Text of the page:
In this weekly feature I answer your personal finance questions.
Dear Emma, WTF?!
In my divorce , I got the house and my ex-husband got the retirement account. The house is paid off, and I am so glad that it can continue to be a central gathering spot for the kids now that they’re grown and starting their own families. Dollar-for-dollar the deal is fair, but since I never had much of a career – only low-paying positions as a teacher’s aide – I am terrified that at age 55 I will never be able to afford retirement. Help!
–Panicked in Peoria
First, let allow me to mention that every time I think of Peoria, Ill., I think of Richard Pryor who (as a native, I’m sure you know) grew up in a whorehouse there. Why mention this on WealthySingleMommy? Well, because I think of little Richard in that whorehouse when my son Lucas is surrounded by women, which is often. Like the time some months ago when I was getting ready to go out and the babysitter Sabine and the kids were piled into my bedroom, helping me to decide which dress to wear while I stripped down to my bra and panties. As little Lucas ran around under the flying flowered frocks, my mind was stuck on the image of Richard in that brothel, and any connection to later in his life when he lit himself on fire with a crack pipe.
Now, to you and your problem …
Yes, you will have a hard time retiring. No doubt about it. A few things I advise:
Sell the house and rent something smaller. You don’t have to sell it today, but you will want to sell it. Even if it’s paid off, it is no doubt expensive. Do you pay heavy property taxes? That is probably because they go towards an excellent school district – which you no longer use.
Yes, we all have fantasies about that big, rambling house where our children and grandchildren will enjoy holidays for generations to come. That is fantasy. The reality is that houses take lots of time and money and your alcoholic son-in-law will make Thanksgiving a source of family contention. Family always finds a way to connect. Don’t try to do so at your own financial expense.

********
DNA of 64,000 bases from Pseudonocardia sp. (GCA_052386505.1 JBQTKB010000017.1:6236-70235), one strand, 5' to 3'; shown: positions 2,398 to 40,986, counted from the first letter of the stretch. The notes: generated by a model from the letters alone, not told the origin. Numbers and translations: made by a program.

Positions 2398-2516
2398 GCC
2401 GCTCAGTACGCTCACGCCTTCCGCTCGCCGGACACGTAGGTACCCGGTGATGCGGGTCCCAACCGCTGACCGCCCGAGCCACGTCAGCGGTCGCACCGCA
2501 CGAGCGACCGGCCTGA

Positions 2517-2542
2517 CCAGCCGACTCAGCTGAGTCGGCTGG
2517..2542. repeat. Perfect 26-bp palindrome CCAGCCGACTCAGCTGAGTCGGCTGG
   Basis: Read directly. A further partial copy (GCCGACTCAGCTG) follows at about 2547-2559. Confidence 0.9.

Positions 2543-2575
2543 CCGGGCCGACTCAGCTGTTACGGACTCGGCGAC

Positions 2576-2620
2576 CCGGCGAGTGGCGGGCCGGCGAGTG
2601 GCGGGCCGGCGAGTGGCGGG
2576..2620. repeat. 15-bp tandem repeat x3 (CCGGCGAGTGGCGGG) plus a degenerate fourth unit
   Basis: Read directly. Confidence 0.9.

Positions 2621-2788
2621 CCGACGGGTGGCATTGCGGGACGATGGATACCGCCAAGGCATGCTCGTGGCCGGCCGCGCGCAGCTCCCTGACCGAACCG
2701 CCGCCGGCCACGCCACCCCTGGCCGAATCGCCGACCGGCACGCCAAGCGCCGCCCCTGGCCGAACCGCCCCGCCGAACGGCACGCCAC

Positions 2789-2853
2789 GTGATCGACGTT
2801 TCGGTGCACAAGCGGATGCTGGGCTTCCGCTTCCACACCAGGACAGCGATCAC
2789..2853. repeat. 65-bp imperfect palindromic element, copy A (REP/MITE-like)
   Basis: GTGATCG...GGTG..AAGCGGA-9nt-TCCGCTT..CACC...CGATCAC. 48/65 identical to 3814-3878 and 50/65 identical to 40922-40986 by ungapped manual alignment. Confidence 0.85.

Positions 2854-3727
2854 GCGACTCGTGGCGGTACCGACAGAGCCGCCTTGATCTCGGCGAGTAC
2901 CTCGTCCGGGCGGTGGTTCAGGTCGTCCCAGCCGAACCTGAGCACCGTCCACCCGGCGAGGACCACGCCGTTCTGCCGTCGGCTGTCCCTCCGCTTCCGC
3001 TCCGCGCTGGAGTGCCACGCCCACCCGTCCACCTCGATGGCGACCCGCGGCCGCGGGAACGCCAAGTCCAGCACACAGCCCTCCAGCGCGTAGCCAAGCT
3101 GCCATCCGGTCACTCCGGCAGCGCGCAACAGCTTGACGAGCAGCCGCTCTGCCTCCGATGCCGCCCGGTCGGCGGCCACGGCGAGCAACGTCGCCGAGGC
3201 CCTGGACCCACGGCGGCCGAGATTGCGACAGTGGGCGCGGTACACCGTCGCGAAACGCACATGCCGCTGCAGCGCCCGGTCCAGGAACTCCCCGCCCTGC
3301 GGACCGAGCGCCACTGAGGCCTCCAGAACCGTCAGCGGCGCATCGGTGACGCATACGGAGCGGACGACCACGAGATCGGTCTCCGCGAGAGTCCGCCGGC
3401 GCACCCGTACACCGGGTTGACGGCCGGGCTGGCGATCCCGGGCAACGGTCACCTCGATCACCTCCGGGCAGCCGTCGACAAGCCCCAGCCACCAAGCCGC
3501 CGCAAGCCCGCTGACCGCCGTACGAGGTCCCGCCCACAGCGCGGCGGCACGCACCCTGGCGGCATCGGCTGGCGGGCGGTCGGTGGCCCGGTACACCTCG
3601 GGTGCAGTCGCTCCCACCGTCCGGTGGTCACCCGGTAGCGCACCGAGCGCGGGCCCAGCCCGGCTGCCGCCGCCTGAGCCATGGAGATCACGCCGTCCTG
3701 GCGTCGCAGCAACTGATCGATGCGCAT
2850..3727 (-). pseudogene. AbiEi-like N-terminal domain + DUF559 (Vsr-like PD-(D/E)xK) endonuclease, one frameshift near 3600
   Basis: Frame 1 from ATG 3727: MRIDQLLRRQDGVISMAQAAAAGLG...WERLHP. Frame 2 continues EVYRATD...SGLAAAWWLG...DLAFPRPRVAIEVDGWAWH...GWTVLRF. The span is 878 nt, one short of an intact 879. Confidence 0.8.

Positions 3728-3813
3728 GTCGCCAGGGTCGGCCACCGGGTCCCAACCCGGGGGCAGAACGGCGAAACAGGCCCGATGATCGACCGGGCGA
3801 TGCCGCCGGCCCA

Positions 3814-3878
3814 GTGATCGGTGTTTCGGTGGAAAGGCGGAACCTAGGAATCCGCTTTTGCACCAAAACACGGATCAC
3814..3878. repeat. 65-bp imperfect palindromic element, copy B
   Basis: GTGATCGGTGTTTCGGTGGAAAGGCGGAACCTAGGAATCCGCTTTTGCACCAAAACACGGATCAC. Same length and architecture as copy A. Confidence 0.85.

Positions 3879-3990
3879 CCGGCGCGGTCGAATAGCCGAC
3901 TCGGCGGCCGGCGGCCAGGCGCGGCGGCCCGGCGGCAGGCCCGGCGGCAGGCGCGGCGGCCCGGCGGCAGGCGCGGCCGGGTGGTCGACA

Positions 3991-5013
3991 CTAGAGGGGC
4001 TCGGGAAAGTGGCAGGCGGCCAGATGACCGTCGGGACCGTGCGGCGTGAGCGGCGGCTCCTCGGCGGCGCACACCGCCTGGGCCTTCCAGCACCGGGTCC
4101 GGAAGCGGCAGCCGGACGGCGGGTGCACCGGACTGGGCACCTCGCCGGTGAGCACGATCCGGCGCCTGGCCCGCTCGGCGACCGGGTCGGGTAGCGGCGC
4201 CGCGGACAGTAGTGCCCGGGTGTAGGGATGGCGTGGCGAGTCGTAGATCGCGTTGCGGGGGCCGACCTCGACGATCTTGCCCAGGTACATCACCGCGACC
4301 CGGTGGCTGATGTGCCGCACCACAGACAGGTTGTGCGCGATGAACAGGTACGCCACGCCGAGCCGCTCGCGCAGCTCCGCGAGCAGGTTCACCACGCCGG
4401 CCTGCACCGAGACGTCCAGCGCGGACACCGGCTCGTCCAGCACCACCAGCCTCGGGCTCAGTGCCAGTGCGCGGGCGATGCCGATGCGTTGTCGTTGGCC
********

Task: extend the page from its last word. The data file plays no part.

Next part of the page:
Also: if you have decent genes and excellent luck, you will likely outlive any proceeds from your home. It’s time to get a career – one that you enjoy. After all, wealth is not only about money. Wealth is about living a rich, full, happy life. Especially after you no longer have kids to nurture, you need somewhere to put you passion and intellect and skills. A career can provide this – as well as much-needed income.
The other reason you need to build a career – you will be working well beyond the full retirement age set by Social Security. Accept this fact. Make the best of it by reconfiguring your ideas about how the later part of your life should look like. After all, your Plan A probably included your now ex-husband.
Have a WTF question? Email it to me at emma at emma-johnson dot NET.
Emma Johnson is a veteran money writer, noted blogger, bestselling author and an host of the award-winning podcast, Like a Mother with Emma Johnson. A former Associated Press Financial Wire reporter and MSN Money columnist, Emma has written for the New York Times, Wall Street Journal, Forbes, Glamour, Oprah.com, REAL SIMPLE, Parenting, USA Today and others.
The Kickass Single Mom: Be Financially Independent, Discover Your Sexiest Self, and Raise Fabulous, Happy Children (Penguin, 2017), was a #1 bestseller and was featured in hundreds of media, including The New York Times, Wall Street Journal, Fox & Friends, Oprah.com and the New York Post, which named it to its ‘Must Read” list.
Her popular blog Wealthysinglemommy.com, and podcast Like a Mother, explore issues facing professional single moms: business and career, money, sex, relationships and parenting. Emma regularly comments on these topics for outlets such as CNN, Headline News, New York Times, Wall Street Journal, Fox & Friends, CNBC, NPR, TIME, MONEY, O, The Oprah Magazine, Woman’s Day, The Doctors, and many more. She was named Parents magazine’s “Best of the Web,” one of “20 Personal Finance Influencers to Follow on Twitter” by AOL DailyFinance, “Top 15 Personal Finance Podcasts” by U.S. News, and “Most Eligible New Yorkers” by New York Observer.
A popular speaker on gender equality, Emma presented at the United Nations Summit for Gender Equality.
Emma grew up in Sycamore, Ill., and lives in New York City with her children.